INTER MODAL RAIL EMPLOYEES ASSOCIATION v. ATCHISON, TOPEKA & SANTA FE RAILWAY CO.

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Case Basics
Docket No. 
96-491
Petitioner 
Inter Modal Rail Employees Association
Respondent 
Atchison, Topeka & Santa Fe Railway Co.
Advocates
(On behalf of the United States, as amicus curiae, supporting the petitioners)
(Argued the cause for the petitioners)
(Argued the cause for the respondents)
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Facts of the Case 

Employees of Santa Fe Terminal Services, Inc. (SFTS), a wholly owned subsidiary of The Atchison, Topeka and Santa Fe Railway Co. (ATSF), were entitled to pension, health and welfare benefits under the terms of their collective bargaining agreements. These benefit plans were subject to the Employee Retirement Income Security Act of 1974 (ERISA). In 1990, ATSF awarded the work performed by SFTS to In Terminal Services (ITS), and terminated those SFTS employees unwilling to continue work with ITS. The benefit plan offered by ITS was less favorable than the SFTS plan, and SFTS employees brought suit under, alleging that they had been discharged "for the purpose of interfering with the attainment" of rights to which they would have "become entitled under [their SFTS] plan." ERISA Section 510. After the District Court dismissed the Section 510 claims, the Court of Appeals for the Ninth Circuit reinstated the employees' pension claims because Section 510 prevented interference with vested rights, but dismissed the employees' welfare benefit claims because such benefits did not vest.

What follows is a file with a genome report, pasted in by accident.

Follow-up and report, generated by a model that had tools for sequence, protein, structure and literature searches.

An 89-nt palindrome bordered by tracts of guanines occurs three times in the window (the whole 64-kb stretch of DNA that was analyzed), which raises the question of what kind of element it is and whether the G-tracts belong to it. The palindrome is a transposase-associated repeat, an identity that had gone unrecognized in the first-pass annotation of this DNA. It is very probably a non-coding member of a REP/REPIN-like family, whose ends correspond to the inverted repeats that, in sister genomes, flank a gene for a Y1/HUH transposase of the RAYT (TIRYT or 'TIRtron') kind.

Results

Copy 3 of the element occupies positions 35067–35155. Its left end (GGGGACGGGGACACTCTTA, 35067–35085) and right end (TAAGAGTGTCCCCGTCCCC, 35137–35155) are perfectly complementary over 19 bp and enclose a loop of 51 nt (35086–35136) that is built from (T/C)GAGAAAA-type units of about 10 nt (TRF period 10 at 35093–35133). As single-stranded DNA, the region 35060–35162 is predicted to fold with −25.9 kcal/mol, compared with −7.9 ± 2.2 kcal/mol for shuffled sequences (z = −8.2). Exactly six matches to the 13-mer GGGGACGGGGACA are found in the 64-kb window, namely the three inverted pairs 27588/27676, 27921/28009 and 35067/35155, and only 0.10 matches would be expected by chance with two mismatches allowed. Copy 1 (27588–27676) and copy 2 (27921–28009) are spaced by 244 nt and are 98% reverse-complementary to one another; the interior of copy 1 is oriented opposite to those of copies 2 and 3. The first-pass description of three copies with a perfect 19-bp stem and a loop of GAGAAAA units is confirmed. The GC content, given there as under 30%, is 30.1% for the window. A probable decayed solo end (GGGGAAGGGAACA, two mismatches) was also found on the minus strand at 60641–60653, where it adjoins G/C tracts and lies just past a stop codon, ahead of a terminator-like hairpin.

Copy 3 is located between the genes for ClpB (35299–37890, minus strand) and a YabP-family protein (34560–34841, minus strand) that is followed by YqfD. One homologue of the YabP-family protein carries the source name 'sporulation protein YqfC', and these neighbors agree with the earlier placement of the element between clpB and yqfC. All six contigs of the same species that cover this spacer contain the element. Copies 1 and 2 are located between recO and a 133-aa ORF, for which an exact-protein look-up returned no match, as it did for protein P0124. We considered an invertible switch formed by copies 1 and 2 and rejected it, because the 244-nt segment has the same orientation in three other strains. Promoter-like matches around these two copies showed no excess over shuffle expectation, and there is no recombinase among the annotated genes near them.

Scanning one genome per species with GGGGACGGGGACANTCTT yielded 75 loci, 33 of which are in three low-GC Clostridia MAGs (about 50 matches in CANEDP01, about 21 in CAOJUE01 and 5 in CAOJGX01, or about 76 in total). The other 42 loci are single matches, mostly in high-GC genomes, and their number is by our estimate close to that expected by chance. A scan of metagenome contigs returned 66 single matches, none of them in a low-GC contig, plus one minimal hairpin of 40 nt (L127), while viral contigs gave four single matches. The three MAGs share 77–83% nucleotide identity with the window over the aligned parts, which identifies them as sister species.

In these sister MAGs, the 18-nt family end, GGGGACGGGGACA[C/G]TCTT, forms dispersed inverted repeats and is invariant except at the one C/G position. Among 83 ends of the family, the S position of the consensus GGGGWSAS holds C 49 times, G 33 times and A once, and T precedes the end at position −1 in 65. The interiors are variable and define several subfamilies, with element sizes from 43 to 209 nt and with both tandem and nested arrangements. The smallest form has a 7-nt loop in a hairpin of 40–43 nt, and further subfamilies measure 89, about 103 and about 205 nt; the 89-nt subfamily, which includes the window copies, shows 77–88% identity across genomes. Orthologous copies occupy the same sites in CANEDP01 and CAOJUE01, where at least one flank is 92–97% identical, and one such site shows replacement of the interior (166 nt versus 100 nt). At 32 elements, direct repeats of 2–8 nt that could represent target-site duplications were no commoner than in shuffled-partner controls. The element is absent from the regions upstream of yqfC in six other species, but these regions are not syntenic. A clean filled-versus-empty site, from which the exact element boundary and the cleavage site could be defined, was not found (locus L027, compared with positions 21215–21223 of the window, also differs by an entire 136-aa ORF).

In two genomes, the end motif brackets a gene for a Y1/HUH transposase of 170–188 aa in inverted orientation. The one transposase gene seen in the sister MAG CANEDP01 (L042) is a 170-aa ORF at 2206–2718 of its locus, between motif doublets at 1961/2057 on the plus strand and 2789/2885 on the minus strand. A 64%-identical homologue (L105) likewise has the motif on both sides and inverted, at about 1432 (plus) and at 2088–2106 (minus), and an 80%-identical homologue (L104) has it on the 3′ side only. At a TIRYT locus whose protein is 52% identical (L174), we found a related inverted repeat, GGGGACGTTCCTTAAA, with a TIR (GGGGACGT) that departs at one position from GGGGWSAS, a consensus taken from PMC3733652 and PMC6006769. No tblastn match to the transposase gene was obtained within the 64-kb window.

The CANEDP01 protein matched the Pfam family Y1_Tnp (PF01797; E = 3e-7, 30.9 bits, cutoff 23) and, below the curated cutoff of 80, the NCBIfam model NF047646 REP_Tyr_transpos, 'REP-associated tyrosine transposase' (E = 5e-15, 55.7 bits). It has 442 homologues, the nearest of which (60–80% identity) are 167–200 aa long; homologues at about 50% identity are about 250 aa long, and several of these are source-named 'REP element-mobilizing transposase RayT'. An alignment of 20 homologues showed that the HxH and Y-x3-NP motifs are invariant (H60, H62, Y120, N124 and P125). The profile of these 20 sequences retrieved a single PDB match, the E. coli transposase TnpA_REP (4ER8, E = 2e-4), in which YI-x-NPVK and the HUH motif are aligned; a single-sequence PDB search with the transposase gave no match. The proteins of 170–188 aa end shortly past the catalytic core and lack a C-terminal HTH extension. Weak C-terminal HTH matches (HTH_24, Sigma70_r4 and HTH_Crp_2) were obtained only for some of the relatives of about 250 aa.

Question 

Does Section 510 of ERISA bar interference only with vested rights?

Conclusion 
Decision: 9 votes for Inter Modal Rail Employees Association, 0 vote(s) against
Legal provision: Employee Retirement Income Security

No. The plain language of Section 510 indicates that the applicability of its interference clause is not limited to vested rights. Congress used the word "plan" to refer to both pension and welfare benefits, and at the same time indicated that welfare plans are exempt from ERISA's stringent vesting requirements. This statutory language forecloses the possibility that Congress meant to limit the protections of Section 510 to vested rights. The Court remanded the case to the Ninth Circuit for determination of whether the fact that the SFTS employees were eligible for welfare benefits meant that they had already "attained" such rights, so that any subsequent actions taken by SFTS could not "interfere" with the "attainment of . . . right[s] . . . under the plan."

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INTER MODAL RAIL EMPLOYEES ASSOCIATION v. ATCHISON, TOPEKA & SANTA FE RAILWAY CO.. The Oyez Project at IIT Chicago-Kent College of Law. 23 October 2014. <http://www.oyez.org/cases/1990-1999/1996/1996_96_491>.
INTER MODAL RAIL EMPLOYEES ASSOCIATION v. ATCHISON, TOPEKA & SANTA FE RAILWAY CO., The Oyez Project at IIT Chicago-Kent College of Law, http://www.oyez.org/cases/1990-1999/1996/1996_96_491 (last visited October 23, 2014).
"INTER MODAL RAIL EMPLOYEES ASSOCIATION v. ATCHISON, TOPEKA & SANTA FE RAILWAY CO.," The Oyez Project at IIT Chicago-Kent College of Law, accessed October 23, 2014, http://www.oyez.org/cases/1990-1999/1996/1996_96_491.